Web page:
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Grim Economic News Overshadows Paris Air Show - 2003-06-14


The celebrated Paris Air Show opens its doors to the public Sunday, for a week of business deals and spectacular flights. But the show is also shadowed by grim economic news, and a markedly smaller American presence.

The atmosphere was festive at the 45th annual Paris Air Show, at Le Bourget airport just outside the French capital. Journalists and business officials sat on terraces on a hot, muggy afternoon, sipping wine and watching jets spin and dive. French President Jacques Chirac inaugurated the show and looked in on Russian, Chinese and other exhibition stands. He also visited a newly-retired supersonic Concorde jetliner which has been moved to Le Bourget's museum.

Mr. Chirac spent little time at the American stand because there wasn't much to see. U.S. exhibitors at this show number around 200, down from 350 two years ago.

Show organizer Yves Bonnet attributes the drop to economics, but there's speculation that the smaller American presence is caused by U.S. anger over France's opposition to the Iraq war. For the first time, for example, no American military plane will fly in the Paris show.

Other concerns hang over this year's air show. The airline industry worldwide has been in a tailspin since the 2001 terrorist attacks in New York and Washington. Continued fears of terrorism, the Iraq war, and the SARS outbreak have not helped. As a result, says a spokesman for Boeing, Jean-Marc Fron, business expectations at the show aren't very high.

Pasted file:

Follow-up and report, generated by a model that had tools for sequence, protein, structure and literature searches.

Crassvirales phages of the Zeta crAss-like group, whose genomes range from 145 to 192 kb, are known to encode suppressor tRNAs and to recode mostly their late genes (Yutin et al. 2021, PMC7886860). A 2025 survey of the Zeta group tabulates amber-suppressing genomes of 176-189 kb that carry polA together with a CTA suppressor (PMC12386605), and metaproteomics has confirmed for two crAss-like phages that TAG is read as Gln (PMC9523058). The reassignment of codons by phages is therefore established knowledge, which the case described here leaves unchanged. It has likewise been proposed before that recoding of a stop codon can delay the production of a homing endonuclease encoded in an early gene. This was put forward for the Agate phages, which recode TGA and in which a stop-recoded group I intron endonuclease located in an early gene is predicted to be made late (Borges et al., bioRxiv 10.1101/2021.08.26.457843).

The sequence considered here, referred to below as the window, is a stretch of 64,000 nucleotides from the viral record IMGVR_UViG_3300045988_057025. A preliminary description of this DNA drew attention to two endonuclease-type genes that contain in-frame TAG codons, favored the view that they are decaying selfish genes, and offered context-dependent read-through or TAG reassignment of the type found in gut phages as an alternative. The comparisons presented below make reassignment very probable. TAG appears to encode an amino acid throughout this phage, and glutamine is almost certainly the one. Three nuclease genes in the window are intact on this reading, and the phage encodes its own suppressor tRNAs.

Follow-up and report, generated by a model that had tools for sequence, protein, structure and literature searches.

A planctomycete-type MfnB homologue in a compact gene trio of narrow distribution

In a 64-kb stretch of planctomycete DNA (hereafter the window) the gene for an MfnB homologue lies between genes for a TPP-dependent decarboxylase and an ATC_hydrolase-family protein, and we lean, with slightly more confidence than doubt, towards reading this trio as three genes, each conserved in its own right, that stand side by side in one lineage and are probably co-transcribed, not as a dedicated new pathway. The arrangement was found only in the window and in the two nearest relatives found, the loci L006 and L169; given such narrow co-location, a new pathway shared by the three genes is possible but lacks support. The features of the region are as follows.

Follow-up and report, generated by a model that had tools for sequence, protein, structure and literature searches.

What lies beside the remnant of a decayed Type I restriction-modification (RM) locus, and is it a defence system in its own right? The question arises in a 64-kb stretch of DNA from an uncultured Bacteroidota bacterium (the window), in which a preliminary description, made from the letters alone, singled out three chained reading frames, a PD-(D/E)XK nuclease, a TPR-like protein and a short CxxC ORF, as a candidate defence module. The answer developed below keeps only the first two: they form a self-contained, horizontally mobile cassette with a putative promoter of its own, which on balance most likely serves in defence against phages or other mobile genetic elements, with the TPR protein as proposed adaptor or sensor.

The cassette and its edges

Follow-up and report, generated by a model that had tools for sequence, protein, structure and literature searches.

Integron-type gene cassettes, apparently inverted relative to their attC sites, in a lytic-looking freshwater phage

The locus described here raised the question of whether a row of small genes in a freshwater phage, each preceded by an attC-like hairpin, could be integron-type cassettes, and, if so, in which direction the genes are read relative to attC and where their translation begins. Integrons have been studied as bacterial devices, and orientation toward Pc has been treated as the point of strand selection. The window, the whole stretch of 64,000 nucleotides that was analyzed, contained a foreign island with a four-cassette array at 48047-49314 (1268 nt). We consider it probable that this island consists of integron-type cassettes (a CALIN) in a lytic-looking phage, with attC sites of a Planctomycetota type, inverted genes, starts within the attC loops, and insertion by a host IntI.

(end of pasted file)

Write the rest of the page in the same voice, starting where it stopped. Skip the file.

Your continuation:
"This is the worst crisis the sector has ever known," he said. "We are in the middle of this crisis. We hope that in the next two or three years, the airlines will be getting much better, and will start to order new aircraft."

Boeing's main competitor, the European Airbus, is only a bit more optimistic. Barbara Kracht is a spokeswoman for Airbus.

"It will not be a great show, as it used to be when the market was booming," said Barbara Kracht. "That's clear. But on the other side, it's probably going to be a better show than what we would have expected, in view of the environment."

Airbus may have a reason to be upbeat. It's expecting to receive some lucrative orders for its new, super-jumbo jet during the show. If so, for the second year running, it will beat Boeing overall in total orders.

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